The Olympic Regional Development Authority has changed the name of its museum.
Shortened and broadened at the same time, the collection of Olympic memorabilia from across the world is now simply called the Lake Placid Olympic Museum.
The title drops date references to the 1932 and 1980 Winter Games, which ORDA officials felt limited perception of everything contained in the museum's Olympic Center rooms.
"Visitors to the museum often said the collection represented more than the two Games held in Lake Placid, and we agree that the name should reflect that," ORDA President and CEO Ted Blazer said in a statement Thursday.
"The museum's collections have grown over the years to encompass representation from each of the Olympic Winter Games. We felt it was important that the name of the museum mirror the breadth of the museum."
The Lake Placid site collects and preserves Olympic objects, memorabilia and historic remnants celebrating every Olympic Winter Games since 1924.
"That's why the museum worked with the U.S. Olympic Committee to obtain International Olympic Committee approval to change its name to the Lake Placid Olympic Museum," Blazer said.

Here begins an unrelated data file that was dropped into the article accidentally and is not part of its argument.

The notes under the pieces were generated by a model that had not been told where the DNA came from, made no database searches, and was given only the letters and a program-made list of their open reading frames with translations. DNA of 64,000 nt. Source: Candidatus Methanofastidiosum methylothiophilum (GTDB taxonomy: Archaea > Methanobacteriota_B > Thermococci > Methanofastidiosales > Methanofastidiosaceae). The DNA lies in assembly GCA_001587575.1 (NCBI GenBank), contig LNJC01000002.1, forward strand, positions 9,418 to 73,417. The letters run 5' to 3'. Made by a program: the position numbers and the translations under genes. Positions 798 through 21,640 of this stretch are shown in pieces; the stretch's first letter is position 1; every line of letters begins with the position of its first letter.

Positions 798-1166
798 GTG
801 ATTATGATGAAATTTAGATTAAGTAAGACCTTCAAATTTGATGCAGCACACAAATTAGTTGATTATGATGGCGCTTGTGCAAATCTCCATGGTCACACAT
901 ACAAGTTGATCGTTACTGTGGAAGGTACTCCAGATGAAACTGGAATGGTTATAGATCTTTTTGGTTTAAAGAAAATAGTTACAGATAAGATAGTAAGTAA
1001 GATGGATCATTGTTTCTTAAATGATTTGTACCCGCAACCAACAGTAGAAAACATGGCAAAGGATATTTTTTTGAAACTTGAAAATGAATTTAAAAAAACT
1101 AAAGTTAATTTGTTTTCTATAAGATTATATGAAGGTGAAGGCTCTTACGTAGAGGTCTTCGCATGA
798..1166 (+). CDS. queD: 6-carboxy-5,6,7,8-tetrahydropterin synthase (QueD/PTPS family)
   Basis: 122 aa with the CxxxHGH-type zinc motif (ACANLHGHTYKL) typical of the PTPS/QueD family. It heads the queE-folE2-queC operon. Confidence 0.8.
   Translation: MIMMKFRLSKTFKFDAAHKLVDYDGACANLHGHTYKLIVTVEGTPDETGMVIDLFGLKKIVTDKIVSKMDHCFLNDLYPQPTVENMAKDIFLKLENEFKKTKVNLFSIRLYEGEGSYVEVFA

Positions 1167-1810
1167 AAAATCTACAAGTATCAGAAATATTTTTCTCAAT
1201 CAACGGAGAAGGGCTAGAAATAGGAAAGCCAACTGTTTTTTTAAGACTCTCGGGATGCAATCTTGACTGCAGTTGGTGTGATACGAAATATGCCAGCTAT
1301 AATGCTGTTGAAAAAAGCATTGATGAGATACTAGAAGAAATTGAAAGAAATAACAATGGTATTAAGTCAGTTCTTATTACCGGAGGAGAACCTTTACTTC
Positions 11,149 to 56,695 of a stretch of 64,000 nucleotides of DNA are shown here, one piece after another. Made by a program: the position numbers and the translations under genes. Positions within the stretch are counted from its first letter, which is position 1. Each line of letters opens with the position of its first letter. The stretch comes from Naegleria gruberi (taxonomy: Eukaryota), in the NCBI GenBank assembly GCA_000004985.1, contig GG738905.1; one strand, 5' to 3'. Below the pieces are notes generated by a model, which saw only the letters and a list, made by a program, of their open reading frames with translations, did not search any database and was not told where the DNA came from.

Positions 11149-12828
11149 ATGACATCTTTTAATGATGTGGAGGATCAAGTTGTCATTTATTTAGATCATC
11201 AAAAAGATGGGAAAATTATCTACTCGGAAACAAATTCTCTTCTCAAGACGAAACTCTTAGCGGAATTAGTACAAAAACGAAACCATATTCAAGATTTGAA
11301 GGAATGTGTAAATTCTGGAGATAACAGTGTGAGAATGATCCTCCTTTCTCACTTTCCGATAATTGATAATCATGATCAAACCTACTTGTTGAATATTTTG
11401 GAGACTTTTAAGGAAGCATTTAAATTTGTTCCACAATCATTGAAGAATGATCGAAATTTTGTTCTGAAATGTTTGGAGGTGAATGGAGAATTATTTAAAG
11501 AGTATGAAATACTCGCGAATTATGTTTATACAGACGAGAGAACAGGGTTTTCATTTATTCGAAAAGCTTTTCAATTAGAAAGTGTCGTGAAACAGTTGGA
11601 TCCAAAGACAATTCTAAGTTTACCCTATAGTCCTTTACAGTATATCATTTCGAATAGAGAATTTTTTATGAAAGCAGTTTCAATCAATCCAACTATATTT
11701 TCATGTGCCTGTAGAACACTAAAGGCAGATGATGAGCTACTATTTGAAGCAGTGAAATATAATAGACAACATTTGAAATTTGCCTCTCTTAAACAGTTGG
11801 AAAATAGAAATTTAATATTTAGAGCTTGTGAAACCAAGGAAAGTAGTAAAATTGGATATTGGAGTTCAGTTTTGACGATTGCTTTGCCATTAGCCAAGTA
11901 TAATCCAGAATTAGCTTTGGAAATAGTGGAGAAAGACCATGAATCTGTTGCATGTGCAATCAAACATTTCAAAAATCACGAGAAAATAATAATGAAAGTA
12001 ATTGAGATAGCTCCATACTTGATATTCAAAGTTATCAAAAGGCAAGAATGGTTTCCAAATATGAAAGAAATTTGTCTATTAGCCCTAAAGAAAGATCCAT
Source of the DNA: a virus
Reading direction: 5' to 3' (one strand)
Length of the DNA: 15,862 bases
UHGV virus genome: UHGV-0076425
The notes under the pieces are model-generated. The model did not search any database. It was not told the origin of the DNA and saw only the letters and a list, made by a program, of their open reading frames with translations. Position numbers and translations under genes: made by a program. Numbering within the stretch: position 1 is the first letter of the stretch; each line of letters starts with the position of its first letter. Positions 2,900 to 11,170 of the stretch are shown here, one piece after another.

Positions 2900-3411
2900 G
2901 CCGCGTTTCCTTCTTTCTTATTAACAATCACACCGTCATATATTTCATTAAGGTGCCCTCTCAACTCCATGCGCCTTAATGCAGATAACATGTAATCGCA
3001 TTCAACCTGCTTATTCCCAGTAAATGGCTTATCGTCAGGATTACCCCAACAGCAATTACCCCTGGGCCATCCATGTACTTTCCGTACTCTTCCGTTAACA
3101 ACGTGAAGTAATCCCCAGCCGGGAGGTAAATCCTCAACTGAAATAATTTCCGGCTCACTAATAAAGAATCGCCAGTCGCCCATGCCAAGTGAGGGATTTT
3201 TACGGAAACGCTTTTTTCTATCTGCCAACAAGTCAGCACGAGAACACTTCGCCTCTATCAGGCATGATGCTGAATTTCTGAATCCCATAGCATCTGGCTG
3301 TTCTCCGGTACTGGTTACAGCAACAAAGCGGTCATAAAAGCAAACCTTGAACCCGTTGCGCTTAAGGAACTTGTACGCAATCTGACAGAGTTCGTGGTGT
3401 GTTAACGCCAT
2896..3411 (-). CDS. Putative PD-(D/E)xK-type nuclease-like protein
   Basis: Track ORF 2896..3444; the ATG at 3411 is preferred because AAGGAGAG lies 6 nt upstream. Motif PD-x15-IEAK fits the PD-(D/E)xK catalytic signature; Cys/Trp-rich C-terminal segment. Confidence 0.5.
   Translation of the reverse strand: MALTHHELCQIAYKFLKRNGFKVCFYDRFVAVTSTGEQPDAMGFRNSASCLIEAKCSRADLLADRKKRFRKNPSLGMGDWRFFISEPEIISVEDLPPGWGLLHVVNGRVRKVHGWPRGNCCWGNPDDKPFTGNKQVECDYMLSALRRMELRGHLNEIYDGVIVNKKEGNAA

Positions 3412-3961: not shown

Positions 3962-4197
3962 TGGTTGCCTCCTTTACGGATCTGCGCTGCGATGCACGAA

The museum, in fact, holds the largest Olympic collection in the world, besides what is kept at the International Committee's Olympic Museum in Lausanne, Switzerland.
The Lake Placid Olympic Museum is also the only museum to have received the Olympic Cup — the oldest award given by the international group, Blazer said.
Lake Placid's collection has the first Olympic Winter Games medal ever won: a gold medallion won by Charles Jewtraw, a speedskater and native of Lake Placid.
Displays include recent and past Olympic team jerseys, competition gear and costumes from champions around the world. The name change also reflects the work done to preserve and present the heritage in the spirit of international competition.
"As the presentations have become wider in scope, so has the need to change the name," Museum Director Liz De Fazio said in announcing the new name.
The Lake Placid Olympic Museum is seeking full membership in the IOC Museum network, De Fazio said.
"This will bring us closer to that international look and feel."
The Lake Placid Olympic Museum is still in the same location, 2634 Main St., and is open daily from 10 a.m. to 5 p.m.
The cost of admission is $6 for adults, $4 for juniors and seniors and free for children 6 and under.
Email Kim Smith Dedam at: firstname.lastname@example.org